Serge Savard is telling the truth. That no Canadian National League team has managed to win the Stanley Cup in three decades is almost unimaginable. We tell ourselves that it has to happen for a reason. The 10 potential causes listed by my colleague Stéphane Cadorette are relevant. What we can add is that the face of the NHL has changed completely since 1993. The league is no longer exclusive to Canada. Not just on the ice, in its management too.
The process began with the great expansion of 1967. The number of teams established in the United States grew from four to ten at once. It was a taste of free trade.
The owners of these formations have gradually taken their place in the operations of the circuit. Power shifted when the NHL's offices were moved from Montreal to New York upon the retirement of Clarence Campbell in 1977.
The league transformed into an American company from that moment.
Bill Wirtz of the Chicago Blackhawks, Jeremy Jacobs of the Boston Bruins and Ed Snider of the Philadelphia Flyers were the most influential governors.
Everything went through them.< /p>
The owners of the Canadiens and Leafs no longer held the power.
Alan Eagleson, executive director of the NHL Players Association and organizer of international tournaments involving league players, was the master of the hockey on Canadian territory.
Internationalization and commercialization
At the same time, the pool of players was internationalizing, which led to a gradual change in the identity of the teams.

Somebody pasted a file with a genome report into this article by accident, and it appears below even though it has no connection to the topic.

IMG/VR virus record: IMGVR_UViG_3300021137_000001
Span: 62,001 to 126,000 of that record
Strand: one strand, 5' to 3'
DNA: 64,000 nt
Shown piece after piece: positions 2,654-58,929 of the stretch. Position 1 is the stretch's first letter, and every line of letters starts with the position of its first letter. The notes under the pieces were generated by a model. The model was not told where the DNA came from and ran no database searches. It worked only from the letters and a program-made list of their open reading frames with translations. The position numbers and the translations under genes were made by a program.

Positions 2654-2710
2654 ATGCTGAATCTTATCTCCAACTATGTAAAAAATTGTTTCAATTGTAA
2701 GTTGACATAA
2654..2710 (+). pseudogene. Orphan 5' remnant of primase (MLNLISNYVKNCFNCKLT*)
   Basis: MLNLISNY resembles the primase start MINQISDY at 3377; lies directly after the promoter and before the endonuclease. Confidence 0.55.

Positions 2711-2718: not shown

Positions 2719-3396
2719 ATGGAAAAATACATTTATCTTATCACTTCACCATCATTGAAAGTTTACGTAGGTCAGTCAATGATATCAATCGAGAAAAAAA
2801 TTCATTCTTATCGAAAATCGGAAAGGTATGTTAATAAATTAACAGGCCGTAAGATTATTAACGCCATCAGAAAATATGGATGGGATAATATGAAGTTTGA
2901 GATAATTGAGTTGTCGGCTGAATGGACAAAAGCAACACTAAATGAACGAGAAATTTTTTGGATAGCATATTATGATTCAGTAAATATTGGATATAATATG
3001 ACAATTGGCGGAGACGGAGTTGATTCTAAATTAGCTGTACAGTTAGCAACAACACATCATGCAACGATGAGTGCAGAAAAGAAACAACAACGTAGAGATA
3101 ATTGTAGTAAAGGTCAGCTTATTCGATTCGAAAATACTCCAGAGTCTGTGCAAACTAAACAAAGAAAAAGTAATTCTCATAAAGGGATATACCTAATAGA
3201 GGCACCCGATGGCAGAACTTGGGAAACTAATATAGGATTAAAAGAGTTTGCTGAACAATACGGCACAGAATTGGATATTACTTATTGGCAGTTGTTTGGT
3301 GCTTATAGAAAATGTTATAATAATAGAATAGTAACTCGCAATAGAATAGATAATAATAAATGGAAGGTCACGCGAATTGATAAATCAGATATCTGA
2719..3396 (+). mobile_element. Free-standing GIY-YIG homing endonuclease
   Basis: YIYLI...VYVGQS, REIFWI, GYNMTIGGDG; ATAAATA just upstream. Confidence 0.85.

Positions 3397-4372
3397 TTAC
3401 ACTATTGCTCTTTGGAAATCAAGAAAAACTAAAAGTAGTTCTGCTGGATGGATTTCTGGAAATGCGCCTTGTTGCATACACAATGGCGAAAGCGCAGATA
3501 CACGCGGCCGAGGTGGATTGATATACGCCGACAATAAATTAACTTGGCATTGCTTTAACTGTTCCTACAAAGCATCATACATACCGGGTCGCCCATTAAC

The Scandinavians arrived, then the Slavs who had to desert their country to play in the biggest hockey league in the world.
The Soviet Union began to allow veterans of its national team to move west. The fall of the Berlin Wall broke the last borders.
It is without forgetting the enormous progress of the Americans and the advances of the Swiss and the Germans.
The NHL compares to the Premier League in football. The composition of the teams is cosmopolitan. The Canadiens are no longer the club that was founded to bring together French-speaking players.
Another decisive step in the transformation of the NHL came when Gary Bettman was made commissioner. The league has marketed itself like never before.
Even though we don't carry the little Napoleon of hockey in our hearts, the circuit's revenues have gone from $400 million to $5.7 billion under his reign.
The figure would be well over six billion, were it not for COVID which caused amphitheaters to be closed for an extended period.
For this which is the perception of the players towards the Canadian teams, things evolved with the repechage. Players got to know other markets.
It is not yesterday that players prefer palm trees to sloches. In the 1970s, Rogatien Vachon and Marcel Dionne liked the mild climate of Los Angeles. Carol Vadnais, Gilles Meloche and Joe Hardy loved living in Oakland, even though the California Golden Seals didn't win often.
Still, there's something to be offended about players have a clause included in their contract stipulating that they do not want to pursue a career in Canada due, in particular, to the pressure and omnipresence of the media. It is nice to say that players are not all created equal, these factors are part of the job.
Do Nick Suzuki and Cole Caufield seem unhappy in Montreal?
Rafaël Harvey-Pinard, Samuel Montembeault and Mike Matheson are happy as kings there.
The Canadiens and the Leafs are at the NHL what the Yankees, Red Sox and Dodgers are to baseball, the Giants, Cowboys and Patriots to American football, the Celtics and Lakers to basketball.
Players who played of the great teams of the Canadian will tell you that the interest of the fans and the media helped them to perform well. They were paid to play hockey and they gave themselves body and soul to their profession and their team. They considered themselves privileged to earn a living in the sport they loved so much.
Today, it's all business and it starts when players destined to play in the National League have agents from 14-15 years old.
We are elsewhere.